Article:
Too lose it in battle was the worst possible disgrace and misfortune – it rarely happened. The soldier who looked after the aquila was always from the first cohort and carried it into battle. On either side of the saecellum were the rooms where the clerks kept the payrolls and attended to all the paperwork that was needed to run the legion. Nearby and usually underground was the legion’s strong-room, in which pay and savings were kept under lock and key. The valetudinarium contained many small wards for the sick and injured. There was also an operating theatre with running water.
The horrea were skilfully designed to keep grain dry and cool for long periods. They were mainly built of stone but later on, stone became the more widely used material. A granary was a long and narrow building; the roof had wide overhanging eaves to carry the rainwater away from the walls. To prevent damp rising from the ground, the floor was supported on small piers or low walls which allowed air to circulate freely underneath. There were several of these granaries in a fortress, and they could contain stocks of grain sufficient to last for at least one year.
This was an example of the impressive foresight the Romans had: they tried to plan against every eventuality. Siege Weapons The outcomes of many battles, especially those in which the Romans were either defending or assaulting a heavily fortified position (such as a fort), were decided by the legions’ ability to construct, maintain and operate various types of siege engines. To make one, all a legion needed was a supply of wood, bolts (metal or wooden), leather and ammunition (either stone boulders or metal bolts).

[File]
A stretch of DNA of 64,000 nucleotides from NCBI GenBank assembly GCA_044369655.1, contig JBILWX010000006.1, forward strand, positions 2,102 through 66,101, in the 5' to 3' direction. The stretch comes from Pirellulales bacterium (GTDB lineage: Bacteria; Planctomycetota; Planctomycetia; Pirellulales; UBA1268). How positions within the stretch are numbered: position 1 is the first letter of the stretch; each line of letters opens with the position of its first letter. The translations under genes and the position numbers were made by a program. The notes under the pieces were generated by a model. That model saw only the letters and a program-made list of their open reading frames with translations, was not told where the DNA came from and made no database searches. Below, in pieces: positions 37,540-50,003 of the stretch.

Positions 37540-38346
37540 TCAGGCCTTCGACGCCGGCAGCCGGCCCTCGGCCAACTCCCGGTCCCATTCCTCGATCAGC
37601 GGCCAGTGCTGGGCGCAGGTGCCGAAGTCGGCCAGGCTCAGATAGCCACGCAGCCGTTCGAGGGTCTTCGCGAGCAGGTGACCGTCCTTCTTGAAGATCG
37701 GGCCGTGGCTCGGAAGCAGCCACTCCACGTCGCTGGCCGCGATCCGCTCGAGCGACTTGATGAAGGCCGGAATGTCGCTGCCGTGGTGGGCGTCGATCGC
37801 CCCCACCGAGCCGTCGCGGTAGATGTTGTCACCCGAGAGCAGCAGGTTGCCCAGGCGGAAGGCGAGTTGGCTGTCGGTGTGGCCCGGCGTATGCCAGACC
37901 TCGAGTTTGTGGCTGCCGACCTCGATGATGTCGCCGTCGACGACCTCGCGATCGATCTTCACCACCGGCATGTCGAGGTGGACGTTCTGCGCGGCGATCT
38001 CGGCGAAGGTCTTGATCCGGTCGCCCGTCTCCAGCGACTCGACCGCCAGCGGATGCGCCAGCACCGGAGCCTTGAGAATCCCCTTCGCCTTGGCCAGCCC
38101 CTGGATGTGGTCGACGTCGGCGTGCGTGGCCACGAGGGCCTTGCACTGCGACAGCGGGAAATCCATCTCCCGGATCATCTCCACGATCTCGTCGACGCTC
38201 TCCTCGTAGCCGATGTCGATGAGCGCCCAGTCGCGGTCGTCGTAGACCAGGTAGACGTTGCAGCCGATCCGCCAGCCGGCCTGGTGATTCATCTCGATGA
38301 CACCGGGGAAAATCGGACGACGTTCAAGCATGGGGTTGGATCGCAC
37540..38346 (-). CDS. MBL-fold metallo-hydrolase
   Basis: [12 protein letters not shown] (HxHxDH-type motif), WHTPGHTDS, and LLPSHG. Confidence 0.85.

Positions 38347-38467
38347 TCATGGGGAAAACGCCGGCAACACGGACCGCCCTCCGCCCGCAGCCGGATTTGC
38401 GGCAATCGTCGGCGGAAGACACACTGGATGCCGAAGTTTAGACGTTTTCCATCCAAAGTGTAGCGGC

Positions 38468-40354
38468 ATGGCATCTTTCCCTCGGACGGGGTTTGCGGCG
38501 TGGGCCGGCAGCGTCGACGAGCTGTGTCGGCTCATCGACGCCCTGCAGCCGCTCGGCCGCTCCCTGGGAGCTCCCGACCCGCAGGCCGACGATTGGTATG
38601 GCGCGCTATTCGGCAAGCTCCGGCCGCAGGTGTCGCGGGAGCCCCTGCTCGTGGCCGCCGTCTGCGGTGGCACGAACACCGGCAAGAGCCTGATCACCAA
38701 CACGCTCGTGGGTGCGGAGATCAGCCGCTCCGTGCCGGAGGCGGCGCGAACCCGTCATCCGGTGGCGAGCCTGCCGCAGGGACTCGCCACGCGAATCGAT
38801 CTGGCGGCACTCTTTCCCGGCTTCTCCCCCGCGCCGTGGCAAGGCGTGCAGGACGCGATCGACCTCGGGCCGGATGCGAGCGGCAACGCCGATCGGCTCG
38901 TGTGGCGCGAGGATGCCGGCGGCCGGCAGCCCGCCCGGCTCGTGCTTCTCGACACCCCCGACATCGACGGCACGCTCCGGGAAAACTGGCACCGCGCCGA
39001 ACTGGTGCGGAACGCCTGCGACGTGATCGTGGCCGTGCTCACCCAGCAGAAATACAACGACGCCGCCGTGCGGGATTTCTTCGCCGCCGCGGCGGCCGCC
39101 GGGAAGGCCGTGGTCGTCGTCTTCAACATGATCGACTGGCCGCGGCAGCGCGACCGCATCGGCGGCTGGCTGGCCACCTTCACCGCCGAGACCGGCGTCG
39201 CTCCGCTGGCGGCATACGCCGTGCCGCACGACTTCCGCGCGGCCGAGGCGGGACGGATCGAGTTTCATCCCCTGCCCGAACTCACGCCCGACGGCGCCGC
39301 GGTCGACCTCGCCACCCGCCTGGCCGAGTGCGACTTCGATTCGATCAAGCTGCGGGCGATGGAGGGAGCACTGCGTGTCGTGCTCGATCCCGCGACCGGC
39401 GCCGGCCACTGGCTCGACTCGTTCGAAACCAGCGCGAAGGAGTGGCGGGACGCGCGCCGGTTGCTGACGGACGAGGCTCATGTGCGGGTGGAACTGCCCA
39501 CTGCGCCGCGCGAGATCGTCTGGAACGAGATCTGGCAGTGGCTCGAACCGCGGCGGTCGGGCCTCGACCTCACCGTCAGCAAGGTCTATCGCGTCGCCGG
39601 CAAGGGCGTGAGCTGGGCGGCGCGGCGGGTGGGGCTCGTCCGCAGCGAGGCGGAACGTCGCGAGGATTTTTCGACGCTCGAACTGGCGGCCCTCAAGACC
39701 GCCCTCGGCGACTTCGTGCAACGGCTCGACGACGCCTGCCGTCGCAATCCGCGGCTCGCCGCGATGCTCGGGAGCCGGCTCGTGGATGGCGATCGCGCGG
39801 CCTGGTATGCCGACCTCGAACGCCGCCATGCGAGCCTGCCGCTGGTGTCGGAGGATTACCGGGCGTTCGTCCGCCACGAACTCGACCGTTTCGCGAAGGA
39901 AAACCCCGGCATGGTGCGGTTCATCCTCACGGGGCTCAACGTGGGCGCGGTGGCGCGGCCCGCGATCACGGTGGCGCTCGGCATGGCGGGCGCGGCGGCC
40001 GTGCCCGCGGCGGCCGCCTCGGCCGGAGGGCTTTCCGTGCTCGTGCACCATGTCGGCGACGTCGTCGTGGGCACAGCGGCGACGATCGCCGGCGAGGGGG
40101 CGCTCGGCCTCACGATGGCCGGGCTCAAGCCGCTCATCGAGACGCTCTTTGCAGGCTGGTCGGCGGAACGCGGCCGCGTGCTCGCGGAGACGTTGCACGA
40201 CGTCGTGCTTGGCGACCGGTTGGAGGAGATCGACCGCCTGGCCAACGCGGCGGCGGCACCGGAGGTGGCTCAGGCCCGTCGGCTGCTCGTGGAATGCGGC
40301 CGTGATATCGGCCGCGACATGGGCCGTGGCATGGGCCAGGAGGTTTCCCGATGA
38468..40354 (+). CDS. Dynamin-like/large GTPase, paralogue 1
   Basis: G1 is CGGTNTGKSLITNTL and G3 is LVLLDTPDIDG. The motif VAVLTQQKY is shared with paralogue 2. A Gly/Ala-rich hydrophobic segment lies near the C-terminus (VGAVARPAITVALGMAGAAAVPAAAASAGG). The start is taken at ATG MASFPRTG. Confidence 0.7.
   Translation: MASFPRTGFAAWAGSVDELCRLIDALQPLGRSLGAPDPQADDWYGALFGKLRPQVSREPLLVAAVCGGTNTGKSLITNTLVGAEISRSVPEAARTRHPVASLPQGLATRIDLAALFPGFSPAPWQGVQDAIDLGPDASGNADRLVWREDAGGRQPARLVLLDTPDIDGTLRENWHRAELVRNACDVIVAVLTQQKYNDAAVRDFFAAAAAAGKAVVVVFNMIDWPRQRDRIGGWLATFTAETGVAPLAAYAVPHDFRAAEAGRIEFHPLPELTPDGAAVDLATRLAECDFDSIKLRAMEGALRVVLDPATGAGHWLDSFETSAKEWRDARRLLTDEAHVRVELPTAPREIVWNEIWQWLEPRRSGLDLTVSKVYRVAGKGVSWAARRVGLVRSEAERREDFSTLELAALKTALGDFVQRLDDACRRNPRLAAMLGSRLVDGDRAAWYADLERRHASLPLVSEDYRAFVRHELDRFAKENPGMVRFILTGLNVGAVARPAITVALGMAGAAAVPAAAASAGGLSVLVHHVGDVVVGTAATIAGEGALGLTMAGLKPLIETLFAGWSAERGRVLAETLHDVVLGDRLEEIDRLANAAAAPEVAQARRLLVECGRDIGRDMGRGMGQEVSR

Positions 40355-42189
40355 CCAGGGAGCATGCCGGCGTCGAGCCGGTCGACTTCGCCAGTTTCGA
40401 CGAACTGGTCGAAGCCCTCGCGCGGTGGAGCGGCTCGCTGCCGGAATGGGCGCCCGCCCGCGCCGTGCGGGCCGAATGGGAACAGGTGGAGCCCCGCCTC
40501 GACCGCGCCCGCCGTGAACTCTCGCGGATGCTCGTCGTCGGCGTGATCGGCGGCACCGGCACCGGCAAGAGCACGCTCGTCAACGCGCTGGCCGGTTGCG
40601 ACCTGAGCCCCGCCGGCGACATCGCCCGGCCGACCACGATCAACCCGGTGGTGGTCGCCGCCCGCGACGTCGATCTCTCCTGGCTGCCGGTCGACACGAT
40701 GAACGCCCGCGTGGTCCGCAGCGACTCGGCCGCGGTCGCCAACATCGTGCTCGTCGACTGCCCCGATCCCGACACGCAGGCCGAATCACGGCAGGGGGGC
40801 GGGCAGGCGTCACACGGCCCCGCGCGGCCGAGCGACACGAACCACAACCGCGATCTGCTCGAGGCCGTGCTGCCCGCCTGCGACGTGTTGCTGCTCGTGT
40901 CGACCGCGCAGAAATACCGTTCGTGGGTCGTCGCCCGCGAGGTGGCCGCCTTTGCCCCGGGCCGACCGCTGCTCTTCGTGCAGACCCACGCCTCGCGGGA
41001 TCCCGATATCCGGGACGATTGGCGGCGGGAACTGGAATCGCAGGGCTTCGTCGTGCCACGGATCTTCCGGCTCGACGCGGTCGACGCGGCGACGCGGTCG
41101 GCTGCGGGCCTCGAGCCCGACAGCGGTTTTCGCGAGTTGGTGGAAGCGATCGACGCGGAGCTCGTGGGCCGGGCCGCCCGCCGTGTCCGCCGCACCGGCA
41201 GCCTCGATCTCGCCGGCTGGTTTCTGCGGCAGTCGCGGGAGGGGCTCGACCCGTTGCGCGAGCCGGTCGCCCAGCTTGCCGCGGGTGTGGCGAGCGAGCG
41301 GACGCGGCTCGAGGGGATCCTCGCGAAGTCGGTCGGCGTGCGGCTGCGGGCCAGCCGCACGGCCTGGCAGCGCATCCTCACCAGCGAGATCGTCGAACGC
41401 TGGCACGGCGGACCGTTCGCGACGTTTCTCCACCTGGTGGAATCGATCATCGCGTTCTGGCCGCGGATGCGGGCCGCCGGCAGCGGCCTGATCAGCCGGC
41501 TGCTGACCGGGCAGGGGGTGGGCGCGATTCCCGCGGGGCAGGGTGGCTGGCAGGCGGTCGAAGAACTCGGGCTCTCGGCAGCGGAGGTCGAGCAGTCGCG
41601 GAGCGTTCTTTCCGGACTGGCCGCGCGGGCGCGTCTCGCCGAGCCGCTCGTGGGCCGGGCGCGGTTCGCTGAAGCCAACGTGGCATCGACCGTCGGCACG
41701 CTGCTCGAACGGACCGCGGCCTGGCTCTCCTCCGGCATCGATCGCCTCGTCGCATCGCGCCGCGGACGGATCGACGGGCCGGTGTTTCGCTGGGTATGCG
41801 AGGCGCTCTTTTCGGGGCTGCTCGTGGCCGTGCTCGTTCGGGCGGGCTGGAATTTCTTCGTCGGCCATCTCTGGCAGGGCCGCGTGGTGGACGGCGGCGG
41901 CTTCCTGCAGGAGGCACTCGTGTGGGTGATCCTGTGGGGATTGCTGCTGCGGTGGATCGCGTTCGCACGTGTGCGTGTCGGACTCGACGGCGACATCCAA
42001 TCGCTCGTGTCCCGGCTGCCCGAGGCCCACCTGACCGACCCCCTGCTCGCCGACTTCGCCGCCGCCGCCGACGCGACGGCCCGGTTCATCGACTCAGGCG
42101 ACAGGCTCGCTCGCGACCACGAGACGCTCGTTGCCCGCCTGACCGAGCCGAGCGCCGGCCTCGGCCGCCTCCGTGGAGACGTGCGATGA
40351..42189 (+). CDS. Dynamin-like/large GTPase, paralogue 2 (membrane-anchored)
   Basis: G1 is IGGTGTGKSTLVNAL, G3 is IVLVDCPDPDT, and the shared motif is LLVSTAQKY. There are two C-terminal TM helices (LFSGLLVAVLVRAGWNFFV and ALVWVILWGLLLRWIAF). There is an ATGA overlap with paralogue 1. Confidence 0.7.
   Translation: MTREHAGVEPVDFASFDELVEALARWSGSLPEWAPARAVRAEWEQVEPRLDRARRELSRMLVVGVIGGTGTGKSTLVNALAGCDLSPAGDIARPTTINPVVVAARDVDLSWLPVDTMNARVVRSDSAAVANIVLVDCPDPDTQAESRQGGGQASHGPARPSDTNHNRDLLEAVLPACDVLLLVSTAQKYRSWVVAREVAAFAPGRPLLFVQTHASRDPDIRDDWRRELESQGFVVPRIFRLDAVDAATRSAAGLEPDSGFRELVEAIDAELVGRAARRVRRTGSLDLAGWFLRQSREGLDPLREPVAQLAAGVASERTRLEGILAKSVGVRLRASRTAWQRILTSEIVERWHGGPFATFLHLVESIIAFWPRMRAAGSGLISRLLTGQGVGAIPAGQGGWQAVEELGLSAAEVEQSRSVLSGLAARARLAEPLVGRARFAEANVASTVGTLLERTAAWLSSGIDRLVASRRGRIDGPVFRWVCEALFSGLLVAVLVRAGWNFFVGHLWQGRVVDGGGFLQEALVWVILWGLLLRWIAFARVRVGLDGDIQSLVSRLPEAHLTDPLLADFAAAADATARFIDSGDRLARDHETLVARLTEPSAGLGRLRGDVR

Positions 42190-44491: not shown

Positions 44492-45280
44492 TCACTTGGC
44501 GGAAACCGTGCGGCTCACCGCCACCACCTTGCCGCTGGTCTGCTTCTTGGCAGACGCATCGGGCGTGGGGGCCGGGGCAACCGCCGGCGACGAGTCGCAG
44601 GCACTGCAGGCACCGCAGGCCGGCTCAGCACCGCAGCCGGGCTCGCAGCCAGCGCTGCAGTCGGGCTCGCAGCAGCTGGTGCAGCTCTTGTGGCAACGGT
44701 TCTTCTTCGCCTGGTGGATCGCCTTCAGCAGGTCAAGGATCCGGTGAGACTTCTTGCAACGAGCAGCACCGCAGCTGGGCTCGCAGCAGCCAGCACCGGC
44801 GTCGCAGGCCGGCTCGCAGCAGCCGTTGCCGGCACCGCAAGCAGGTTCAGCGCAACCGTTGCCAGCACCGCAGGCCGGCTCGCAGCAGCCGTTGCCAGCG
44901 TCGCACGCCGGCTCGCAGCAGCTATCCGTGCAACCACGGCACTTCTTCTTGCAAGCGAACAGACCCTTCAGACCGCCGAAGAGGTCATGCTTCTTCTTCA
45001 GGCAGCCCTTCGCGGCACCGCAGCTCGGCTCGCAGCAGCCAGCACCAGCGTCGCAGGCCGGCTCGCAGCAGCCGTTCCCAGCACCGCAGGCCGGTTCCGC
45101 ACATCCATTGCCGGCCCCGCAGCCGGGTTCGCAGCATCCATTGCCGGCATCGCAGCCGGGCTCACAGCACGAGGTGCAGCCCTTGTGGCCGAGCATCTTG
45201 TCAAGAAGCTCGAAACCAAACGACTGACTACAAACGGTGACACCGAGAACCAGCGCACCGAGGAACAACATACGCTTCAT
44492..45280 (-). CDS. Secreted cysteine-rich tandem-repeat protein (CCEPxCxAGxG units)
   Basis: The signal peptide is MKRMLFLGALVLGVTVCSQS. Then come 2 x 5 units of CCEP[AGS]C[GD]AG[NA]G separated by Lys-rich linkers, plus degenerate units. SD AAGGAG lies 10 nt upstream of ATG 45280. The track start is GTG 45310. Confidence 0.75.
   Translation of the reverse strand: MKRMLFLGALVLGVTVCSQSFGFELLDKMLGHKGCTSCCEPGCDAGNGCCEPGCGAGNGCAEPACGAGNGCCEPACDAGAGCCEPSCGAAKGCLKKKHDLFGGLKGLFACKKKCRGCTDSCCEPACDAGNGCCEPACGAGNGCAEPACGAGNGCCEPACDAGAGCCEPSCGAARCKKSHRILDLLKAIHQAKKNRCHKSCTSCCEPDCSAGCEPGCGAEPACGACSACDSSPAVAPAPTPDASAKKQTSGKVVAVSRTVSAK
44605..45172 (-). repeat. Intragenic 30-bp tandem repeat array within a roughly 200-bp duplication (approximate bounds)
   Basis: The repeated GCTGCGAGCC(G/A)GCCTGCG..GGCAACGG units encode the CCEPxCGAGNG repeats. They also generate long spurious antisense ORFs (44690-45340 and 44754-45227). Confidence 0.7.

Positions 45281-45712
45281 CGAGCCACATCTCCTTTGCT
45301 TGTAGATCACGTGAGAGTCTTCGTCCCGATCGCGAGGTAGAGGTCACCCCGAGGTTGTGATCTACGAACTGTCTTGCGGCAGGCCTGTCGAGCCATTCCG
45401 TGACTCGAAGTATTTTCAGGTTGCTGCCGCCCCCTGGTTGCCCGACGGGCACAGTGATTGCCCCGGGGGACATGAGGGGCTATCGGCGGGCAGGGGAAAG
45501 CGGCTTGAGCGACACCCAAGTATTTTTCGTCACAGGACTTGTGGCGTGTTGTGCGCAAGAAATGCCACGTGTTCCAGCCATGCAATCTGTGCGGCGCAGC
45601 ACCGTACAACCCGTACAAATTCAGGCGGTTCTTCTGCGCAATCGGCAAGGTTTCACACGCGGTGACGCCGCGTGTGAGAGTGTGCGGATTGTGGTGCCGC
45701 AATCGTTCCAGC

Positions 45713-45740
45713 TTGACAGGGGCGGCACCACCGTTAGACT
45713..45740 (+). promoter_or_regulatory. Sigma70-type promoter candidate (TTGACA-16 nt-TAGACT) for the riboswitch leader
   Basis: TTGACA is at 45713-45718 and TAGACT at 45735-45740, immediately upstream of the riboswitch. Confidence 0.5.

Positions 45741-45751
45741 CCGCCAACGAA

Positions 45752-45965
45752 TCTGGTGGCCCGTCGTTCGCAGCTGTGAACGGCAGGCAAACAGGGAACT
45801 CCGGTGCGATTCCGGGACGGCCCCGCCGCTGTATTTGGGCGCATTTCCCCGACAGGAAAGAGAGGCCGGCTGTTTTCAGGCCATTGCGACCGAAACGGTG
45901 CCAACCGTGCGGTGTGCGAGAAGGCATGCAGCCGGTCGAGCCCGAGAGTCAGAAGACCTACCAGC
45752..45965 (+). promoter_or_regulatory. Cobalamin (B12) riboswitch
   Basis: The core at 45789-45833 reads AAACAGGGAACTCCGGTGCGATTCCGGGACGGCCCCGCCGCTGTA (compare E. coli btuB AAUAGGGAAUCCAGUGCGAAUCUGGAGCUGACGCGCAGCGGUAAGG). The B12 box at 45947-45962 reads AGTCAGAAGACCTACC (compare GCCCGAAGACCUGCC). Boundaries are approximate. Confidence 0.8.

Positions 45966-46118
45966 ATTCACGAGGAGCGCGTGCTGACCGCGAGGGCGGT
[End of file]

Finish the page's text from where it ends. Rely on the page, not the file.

Most of the artillery was based on those originally developed by the Greeks. Typically, they were torsion powered machines, meaning that they were powered by twisted chords. Hand cranks would be used to twist the chords and winch back the ammunition. When triggered, a massive amount of energy was released and directed towards launching the projectile. By this period, the siege engines were generally divided into two categories: ballistae (which propelled large metal bolts of around 70cm in length with great force and accuracy) and onagri (which hurled rocks).
Onagri were large and difficult to move so they were most suited to sieges (or being mounted on triremes). In the 2nd Century AD, carrobalistae were introduced. It improved upon the cumbersome, static ballistae by mounting it on a type of cart or chariot. Ballistae were also used on warships. Left: a carrobalista. Right: remains of an onagri Both the ballistae and the onagri were constructed and operated under the direction of ballistarii. The ballistarii could calculate trajectory, distance and power with surprising accuracy. It is currently unknown exactly how many ballistarii were assigned to each cohors.